Good Morning
Good Morning

Live from San Francisco: The Road Ahead....


Sweet drive north on the 101 and here at SFO. Great mixed fruit smoothie at Java and Guava and the shuffle (Cyrus Chestnut, Peter Case, Finn Brothers, Civil Wars) is charged up for the flight to JFK. Reading material? "Amagansett" by Mark Mills, touching on murder, greed and love in post-WWII, and I mean, really, what else do ya need?

Anyway, here's one of my pieces/columns/opinions/stories from today's Newsday:

It’s down to a dozen.
The Rangers left California for New York today and although the race for a post-season berth here in the West is far tighter, with seven teams separated by three points, the Blueshirts have just 12 games remaining to secure the seventh or eighth spot in the Eastern Conference and avoid missing the playoffs for the second consecutive season.

To reach the post-season, the Rangers likely will need seven or eight wins or 15 or 16 of the 24 available points. The path won’t be easy: Six of the 12 games are against teams holding post-season slots and four are on the road: In addition to facing the Bruins and Flyers, the Rangers visit Pittsburgh and Buffalo.

“Everybody talks about offense and scoring goals, but if we don’t stay stingy defensively, we don’t have an opportunity to compete,” coach John Tortorella said before last night’s statement game against the Sharks, the second of the road trip that began with a 5-2 defeat to the Anaheim Ducks.

Seven of the final dozen games are at Madison Square Garden, beginning Tuesday with the fifth of six meetings this season against the Islanders. The Rangers have won three straight against their neighbors after a 6-4 loss on Oct. 11, but haven’t faced them since Dec. 27. And home ice hasn’t been an advantage for the Blueshirts, who are 15-16-3 in the midtown mecca under renovation.

Five of the dozen are on the road, including four in a row, starting with a Saturday matinee in Boston on March 26 and finishing with an April 3 afternoon game in always-tough Philadelphia, where the Rangers, despite a 46-save performance by Henrik Lundqvist, were eliminated from last season’s playoffs in a shootout.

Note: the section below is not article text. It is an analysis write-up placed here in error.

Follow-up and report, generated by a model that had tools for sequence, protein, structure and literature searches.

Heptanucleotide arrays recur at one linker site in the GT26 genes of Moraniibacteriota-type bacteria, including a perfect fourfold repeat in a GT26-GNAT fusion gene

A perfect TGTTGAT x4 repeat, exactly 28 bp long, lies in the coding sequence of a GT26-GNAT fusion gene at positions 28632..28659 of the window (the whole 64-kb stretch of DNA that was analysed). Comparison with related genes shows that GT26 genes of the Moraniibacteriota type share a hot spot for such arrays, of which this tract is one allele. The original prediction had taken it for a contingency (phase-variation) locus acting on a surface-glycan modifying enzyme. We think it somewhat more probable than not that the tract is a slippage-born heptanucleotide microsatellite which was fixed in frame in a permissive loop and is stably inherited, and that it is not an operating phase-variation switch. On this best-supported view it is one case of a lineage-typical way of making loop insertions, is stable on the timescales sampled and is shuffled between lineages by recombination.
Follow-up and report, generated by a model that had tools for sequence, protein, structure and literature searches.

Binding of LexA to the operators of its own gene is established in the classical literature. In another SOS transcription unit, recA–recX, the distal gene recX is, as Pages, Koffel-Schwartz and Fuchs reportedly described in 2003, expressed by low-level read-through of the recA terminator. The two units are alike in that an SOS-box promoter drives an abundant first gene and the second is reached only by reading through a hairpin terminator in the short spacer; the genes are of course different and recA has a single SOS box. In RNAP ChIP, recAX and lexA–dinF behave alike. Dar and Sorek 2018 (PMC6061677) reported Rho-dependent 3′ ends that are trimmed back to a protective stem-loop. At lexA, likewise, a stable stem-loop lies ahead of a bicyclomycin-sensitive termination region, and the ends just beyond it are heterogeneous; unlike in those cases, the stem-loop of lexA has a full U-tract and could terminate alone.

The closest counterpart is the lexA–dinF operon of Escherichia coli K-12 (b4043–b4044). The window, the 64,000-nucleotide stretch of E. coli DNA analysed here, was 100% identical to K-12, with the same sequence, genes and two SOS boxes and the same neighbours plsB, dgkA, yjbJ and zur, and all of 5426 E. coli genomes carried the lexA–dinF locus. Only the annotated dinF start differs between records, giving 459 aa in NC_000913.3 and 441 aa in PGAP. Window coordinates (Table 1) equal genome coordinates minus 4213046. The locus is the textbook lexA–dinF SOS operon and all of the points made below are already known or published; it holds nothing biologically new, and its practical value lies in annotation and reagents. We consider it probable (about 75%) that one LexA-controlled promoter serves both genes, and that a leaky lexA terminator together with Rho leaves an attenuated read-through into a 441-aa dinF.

Then, the regular season wraps up at home with three straight, against the Bruins, Thrashers and surging Devils, who may well be in the hunt, and if they are not, will be overjoyed to play a spoiler’s role.

The Sabres and Hurricanes have games in hand, but one positive is that the banged-up Blueshirts (Marc Staal and Vinny Prospal have sore knees, Ryan Callahan has an aching shoulder, Brian Boyle’s back is stiff, Brandon Prust’s hand isn’t 100 percent) should be rested for the stretch run. They have played just two games in the last six nights, and have only two in the next six days. With veteran backup Martin Biron out with a broken collarbone, the schedule is also favorable for Lundqvist, who was sensational last night and is expected to start all of the final dozen, depending on the standings.

One difference from last season is a tie-breaker rule change that could impact the Rangers. A win in 65 minutes is more valuable than a shootout victory. If two or more teams are tied in points, shootout wins are tossed out as the first tie-breaker. The Rangers have eight, the Sabres five, the Canes and Leafs four, and the Devils three.
The second and third tie-breakers (head-to-head record and goal differential) are unchanged. So why wouldn’t a team might pull its goaltender for an extra attacker during a tie game to avoid the shootout?

Big risk.

Under Rule 84.2, if a team is scored upon and loses, it forfeits its guaranteed point. And points, as the Rangers know, are at a premium in March and April.


New York Sports